Horatian Lyric and Metaphorical Truths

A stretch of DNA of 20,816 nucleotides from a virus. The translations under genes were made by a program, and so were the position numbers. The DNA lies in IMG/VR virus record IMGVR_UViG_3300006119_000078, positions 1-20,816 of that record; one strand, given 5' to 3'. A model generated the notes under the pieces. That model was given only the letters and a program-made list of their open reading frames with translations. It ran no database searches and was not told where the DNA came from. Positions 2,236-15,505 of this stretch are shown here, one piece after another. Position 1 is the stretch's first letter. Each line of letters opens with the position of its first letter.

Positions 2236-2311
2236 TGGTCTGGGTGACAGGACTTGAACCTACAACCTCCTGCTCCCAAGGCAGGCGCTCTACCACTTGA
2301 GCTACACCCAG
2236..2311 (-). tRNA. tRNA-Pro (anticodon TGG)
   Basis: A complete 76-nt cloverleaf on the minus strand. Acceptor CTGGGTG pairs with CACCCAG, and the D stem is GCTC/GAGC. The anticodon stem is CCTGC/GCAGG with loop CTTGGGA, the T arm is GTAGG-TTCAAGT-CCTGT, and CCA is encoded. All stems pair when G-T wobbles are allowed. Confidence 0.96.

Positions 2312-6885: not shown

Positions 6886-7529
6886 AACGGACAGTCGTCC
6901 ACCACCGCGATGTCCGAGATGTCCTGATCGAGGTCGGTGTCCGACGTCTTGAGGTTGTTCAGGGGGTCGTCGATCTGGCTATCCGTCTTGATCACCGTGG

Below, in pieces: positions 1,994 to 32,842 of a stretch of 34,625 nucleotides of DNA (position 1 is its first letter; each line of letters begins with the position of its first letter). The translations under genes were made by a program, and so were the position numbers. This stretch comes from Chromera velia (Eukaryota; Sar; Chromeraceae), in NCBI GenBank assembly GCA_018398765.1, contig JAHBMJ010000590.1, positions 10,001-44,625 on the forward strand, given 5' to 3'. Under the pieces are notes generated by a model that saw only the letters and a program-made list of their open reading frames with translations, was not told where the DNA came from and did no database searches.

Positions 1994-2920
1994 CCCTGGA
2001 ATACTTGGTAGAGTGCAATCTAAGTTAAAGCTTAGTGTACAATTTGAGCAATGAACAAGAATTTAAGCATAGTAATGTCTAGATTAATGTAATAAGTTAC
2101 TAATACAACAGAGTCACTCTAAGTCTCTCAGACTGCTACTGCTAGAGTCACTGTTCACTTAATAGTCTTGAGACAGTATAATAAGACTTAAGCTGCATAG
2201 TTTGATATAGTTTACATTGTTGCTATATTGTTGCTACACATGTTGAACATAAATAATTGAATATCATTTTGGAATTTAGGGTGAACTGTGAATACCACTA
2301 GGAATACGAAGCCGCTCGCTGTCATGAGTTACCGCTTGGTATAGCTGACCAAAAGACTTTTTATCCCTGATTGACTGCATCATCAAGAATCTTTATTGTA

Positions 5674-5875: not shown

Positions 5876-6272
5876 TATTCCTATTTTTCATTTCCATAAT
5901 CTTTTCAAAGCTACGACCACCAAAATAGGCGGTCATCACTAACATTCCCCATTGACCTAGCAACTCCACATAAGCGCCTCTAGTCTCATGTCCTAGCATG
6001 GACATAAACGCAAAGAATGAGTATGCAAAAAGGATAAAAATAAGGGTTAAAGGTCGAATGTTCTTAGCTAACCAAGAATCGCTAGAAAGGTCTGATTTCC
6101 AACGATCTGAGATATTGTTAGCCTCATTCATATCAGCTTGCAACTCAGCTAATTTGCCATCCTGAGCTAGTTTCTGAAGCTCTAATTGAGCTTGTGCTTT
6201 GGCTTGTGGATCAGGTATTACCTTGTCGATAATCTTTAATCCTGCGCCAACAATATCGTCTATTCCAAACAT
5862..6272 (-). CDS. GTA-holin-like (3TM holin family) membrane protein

This chapter moves beyond the previous one in attempting to unify aestheticizing and sociological approaches to Horace's language of performance and performativity. The rhetoric of inability in the Epodes and the claims to song in the Odes are strategies of self-authorization that serve different political ends. An analysis of Odes 3. 30 closes the chapter. Although Horace appears to ground his poetic immortality in a book that will live on as a physical object embedded in ritual repetition, in fact, his literary monument (monumentum) surpasses both physical embodiment and the specific occasions of his culture.
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